The next public notice we find upon our list is one which directs itself to all who may wish to be cured of madness, though why people who are really and comfortably mad should wish to have the trouble of being sane, we do not profess to understand. However, it is not likely that this gentleman helped them, for he overdoes it, and offers rather too much. The notice appears in the Post Boy of January 6-9, 1699 :—

IN Clerkenwell Close, where the figure of Mad People are over the gate, Liveth one who by the Blessing of God, cureth all Lunitck distracted or Mad People, he seldom exceeds 3 months in the cure of the maddest Person that comes in his house, several have been cured in a fortnight and some in less time; he has cured several from Bedlam and other mad-houses in and about this City and has conveniency for people of what quality soever. No cure no money. He likewise cureth the dropsy infallibly and has taken away from 10, 12, 15, 20 gallons of water with a gentle preparation. He cureth them that are 100 miles off as well as them that are in town, and if any are desirous they may have a note at his house of several that he hath cured.

Notwithstanding the writer's proficiency in the cure of lunatics, he seems to have been sorely exercised with regard to the spelling of the word, and he is ingenious enough in other respects. The remark about no cure no pay, it is noticeable, refers only to the cases of lunacy, and not to those of dropsy, for the evident reason that it is quite possible to make a madman believe he is sane, while it would be rather hard to lead a dropsical person into the impression that he is healthy. Quacks swarm about this period, but as we shall devote special attention to them anon, we will now step into the year 1700, beginning with the Flying Post for January 6-9, which contains this, a notice of a regular physician of the time :—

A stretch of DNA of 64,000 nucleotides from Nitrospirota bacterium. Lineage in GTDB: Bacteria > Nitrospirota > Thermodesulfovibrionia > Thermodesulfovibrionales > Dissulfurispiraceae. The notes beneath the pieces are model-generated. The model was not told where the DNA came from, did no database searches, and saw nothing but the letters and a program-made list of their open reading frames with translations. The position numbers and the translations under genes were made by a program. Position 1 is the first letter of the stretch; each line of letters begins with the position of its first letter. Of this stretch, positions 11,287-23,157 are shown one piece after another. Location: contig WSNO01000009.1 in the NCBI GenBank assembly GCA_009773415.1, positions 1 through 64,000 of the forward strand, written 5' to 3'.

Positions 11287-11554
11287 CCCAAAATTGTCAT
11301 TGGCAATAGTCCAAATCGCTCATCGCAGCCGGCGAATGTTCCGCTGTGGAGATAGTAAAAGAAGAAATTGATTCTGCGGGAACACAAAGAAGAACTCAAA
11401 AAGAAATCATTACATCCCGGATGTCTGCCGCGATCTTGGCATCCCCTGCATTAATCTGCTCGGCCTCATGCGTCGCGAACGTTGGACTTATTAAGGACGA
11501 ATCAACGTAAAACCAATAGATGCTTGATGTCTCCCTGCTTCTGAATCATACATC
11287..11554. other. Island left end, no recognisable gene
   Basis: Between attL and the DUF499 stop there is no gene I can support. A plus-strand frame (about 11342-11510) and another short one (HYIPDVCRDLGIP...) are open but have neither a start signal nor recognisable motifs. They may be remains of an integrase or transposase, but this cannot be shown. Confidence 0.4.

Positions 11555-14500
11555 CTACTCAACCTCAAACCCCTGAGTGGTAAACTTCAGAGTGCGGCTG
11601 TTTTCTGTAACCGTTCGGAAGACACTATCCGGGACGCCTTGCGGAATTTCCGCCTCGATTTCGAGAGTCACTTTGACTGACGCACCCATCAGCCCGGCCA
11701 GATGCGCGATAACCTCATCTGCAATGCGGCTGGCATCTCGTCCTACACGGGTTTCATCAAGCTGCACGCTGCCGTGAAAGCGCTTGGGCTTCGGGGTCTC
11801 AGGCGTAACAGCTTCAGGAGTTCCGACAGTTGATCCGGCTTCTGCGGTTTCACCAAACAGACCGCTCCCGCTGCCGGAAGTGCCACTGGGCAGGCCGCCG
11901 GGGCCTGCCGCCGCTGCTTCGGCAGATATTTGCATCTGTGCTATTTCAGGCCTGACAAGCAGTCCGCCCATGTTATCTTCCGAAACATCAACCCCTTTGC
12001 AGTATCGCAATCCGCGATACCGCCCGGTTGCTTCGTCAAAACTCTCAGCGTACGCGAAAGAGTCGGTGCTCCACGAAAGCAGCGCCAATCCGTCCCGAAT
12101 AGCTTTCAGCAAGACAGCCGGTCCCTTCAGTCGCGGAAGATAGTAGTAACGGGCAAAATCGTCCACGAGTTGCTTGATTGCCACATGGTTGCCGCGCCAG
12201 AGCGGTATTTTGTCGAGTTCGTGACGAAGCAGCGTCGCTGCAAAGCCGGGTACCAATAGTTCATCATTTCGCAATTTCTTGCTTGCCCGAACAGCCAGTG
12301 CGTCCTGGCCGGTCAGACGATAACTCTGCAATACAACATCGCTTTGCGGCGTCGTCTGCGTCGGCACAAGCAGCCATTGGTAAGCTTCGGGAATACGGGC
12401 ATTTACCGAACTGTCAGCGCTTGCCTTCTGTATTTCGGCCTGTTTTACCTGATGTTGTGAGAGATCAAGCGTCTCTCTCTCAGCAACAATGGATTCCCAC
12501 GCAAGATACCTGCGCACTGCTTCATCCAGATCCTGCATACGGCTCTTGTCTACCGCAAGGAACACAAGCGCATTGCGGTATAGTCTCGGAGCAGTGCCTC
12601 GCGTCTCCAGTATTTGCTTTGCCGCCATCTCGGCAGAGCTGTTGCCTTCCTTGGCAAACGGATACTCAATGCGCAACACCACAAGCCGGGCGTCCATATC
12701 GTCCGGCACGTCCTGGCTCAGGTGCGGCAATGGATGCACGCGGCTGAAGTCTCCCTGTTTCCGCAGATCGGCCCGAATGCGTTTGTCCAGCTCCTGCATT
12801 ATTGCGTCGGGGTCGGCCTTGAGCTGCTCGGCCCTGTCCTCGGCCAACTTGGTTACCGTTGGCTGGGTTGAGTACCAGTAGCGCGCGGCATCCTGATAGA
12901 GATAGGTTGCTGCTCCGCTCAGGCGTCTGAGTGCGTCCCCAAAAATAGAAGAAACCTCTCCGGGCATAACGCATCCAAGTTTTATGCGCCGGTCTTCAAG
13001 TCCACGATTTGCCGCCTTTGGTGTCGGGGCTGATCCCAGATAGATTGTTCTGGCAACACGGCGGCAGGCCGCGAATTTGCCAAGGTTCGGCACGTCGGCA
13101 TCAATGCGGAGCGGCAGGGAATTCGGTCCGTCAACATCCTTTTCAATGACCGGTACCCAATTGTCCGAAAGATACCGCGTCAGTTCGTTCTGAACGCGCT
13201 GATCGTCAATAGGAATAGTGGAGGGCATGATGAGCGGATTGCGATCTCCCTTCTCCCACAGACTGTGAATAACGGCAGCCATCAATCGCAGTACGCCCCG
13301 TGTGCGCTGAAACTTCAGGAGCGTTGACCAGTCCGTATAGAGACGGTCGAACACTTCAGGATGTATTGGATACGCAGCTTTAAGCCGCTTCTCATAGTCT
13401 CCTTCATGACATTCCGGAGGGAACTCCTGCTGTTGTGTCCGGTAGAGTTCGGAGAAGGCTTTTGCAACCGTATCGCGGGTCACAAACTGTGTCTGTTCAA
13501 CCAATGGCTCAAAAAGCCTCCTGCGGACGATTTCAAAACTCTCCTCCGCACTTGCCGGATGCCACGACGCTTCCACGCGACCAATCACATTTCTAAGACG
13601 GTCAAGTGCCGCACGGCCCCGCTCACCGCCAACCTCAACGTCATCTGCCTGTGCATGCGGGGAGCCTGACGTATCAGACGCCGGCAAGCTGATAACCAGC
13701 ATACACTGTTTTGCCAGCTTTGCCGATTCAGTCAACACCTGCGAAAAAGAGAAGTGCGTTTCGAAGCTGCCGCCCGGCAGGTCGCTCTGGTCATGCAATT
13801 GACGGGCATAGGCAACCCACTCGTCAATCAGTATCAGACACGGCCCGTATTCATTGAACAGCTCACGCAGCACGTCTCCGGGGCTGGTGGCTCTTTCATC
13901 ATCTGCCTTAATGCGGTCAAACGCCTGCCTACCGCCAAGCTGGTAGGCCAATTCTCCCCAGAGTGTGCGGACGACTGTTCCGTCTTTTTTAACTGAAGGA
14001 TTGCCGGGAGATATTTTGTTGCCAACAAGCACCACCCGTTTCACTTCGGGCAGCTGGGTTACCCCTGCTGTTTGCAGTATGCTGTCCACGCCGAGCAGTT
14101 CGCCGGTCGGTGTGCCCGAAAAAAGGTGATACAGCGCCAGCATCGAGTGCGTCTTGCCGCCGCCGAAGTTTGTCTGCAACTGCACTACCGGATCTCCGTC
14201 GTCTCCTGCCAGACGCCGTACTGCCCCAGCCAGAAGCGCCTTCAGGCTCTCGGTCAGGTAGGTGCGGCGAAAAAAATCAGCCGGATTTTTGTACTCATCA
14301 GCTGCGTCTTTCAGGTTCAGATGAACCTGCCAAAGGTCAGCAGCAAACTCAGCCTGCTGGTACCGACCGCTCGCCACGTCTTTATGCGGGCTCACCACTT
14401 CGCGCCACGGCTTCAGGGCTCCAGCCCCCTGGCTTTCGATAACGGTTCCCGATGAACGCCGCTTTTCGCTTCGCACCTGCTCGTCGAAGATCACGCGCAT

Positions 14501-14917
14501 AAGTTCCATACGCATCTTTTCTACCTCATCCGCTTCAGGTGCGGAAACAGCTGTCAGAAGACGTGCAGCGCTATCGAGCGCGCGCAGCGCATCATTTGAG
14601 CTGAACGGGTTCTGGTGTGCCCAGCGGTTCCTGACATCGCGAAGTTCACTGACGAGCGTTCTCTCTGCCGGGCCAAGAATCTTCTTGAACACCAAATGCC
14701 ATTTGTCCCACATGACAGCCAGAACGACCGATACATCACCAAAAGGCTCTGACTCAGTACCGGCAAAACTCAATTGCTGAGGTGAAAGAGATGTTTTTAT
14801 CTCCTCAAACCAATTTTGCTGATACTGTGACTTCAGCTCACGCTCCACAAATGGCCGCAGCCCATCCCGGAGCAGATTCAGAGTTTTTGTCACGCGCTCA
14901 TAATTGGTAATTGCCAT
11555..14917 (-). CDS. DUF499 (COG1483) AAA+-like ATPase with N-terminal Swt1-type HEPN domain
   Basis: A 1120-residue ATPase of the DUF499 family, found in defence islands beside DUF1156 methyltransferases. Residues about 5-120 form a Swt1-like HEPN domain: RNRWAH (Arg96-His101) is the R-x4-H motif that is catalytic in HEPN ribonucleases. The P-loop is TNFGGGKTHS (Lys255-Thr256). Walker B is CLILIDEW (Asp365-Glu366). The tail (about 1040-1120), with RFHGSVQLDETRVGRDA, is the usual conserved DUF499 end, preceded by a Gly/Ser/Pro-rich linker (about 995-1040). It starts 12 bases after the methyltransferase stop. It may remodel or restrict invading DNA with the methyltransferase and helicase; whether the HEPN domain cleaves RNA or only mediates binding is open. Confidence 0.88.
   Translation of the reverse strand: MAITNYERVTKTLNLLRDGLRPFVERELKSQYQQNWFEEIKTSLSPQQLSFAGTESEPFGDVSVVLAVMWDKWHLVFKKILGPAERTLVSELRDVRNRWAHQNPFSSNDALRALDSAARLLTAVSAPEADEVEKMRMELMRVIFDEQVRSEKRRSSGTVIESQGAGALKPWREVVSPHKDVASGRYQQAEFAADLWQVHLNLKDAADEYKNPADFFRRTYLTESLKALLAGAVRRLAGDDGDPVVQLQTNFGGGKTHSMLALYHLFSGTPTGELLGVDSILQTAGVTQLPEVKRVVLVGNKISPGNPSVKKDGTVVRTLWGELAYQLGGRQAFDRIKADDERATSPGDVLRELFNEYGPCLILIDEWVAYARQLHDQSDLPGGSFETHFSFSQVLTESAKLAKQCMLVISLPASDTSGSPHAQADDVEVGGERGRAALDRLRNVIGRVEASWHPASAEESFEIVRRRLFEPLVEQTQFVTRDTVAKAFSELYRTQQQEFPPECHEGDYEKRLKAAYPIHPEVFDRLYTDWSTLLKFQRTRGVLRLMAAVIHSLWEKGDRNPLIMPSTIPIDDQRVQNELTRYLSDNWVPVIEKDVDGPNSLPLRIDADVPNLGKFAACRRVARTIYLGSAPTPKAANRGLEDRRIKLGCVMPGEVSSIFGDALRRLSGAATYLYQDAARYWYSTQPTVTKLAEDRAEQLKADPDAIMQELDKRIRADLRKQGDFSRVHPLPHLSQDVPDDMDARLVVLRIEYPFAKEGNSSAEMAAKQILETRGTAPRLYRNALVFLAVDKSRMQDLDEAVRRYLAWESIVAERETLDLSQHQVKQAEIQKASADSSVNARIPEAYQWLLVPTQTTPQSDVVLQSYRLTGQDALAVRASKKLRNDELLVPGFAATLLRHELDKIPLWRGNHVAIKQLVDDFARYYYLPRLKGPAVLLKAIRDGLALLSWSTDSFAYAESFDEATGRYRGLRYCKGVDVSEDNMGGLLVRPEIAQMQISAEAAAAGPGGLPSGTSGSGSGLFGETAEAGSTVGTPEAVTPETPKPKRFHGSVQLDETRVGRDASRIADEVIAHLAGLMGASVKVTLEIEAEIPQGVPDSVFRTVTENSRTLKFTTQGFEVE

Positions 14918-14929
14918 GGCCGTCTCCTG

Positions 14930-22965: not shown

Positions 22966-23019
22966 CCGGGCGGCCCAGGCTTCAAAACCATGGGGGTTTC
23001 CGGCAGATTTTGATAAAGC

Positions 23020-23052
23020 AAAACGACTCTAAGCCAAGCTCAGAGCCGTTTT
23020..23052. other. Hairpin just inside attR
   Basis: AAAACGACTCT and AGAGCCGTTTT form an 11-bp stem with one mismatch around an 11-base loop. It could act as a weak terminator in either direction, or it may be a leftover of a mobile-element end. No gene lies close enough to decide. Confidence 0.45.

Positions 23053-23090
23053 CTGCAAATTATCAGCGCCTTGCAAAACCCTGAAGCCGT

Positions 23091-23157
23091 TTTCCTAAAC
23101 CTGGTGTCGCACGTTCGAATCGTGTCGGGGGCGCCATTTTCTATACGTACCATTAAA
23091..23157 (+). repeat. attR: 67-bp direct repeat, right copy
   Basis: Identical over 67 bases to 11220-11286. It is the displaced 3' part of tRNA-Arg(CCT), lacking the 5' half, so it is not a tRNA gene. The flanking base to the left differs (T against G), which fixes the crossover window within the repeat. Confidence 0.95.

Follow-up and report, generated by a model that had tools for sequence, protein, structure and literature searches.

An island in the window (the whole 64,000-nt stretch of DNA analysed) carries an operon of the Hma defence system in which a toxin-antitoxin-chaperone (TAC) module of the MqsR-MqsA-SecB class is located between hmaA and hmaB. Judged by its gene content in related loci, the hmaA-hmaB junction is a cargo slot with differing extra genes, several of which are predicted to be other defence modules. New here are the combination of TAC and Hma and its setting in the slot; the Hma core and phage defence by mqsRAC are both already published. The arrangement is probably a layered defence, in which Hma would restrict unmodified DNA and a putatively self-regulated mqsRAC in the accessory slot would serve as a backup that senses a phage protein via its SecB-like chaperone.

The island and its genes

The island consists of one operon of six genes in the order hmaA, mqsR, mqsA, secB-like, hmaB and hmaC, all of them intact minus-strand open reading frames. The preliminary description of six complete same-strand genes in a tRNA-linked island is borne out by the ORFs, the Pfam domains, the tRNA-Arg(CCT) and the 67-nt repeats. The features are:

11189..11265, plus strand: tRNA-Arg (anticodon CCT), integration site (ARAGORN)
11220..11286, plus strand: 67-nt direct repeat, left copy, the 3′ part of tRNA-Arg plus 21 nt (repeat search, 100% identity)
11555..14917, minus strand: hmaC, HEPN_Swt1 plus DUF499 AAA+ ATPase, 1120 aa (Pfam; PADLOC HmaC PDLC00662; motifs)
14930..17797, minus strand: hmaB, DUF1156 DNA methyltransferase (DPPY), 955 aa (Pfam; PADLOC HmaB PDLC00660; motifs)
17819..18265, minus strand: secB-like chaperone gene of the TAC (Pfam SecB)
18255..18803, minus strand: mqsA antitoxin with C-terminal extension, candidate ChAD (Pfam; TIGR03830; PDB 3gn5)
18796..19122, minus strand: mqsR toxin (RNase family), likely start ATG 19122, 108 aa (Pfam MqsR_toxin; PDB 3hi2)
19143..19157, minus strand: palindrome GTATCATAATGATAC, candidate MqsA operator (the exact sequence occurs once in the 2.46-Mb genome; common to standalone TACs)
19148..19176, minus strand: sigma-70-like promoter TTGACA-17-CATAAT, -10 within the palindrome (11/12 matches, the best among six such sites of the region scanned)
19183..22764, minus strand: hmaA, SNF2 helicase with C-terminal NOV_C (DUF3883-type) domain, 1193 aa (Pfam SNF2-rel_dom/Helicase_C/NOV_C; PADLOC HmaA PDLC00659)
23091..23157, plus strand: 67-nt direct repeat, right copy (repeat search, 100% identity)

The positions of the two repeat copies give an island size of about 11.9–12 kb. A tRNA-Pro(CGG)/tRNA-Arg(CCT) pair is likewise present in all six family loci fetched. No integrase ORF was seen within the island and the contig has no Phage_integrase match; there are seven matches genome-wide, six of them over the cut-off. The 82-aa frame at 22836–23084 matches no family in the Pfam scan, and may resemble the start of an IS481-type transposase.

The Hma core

AT the Angel and Crown in Basing-lane near Bow-lane liveth J. Pechey, a Graduate in the University of Oxford, and of many years standing in the College of Physicians in London: where all sick people that come to him, may have for Six pence a faithful account of their diseases, and plain directions for diet and other things they can prepare themselves. And such as have occasion for Medicines may have them of him at any reasonable rates, without paying anything for advice. And he will visit any sick person in London or the Liberties thereof in the day time for two shillings and Six pence, and anywhere else within the Bills of Mortality for Five shillings. And if he be called in by any person as he passes by in any of these places, he will require but one shilling for his advice.

This is cheap enough, in all conscience, and yet there is little doubt that the afflicted infinitely preferred the nostrums so speciously advertised by empirics to treatment according to the pharmacopoeia. We have good authority for the statement that faith will move mountains, and it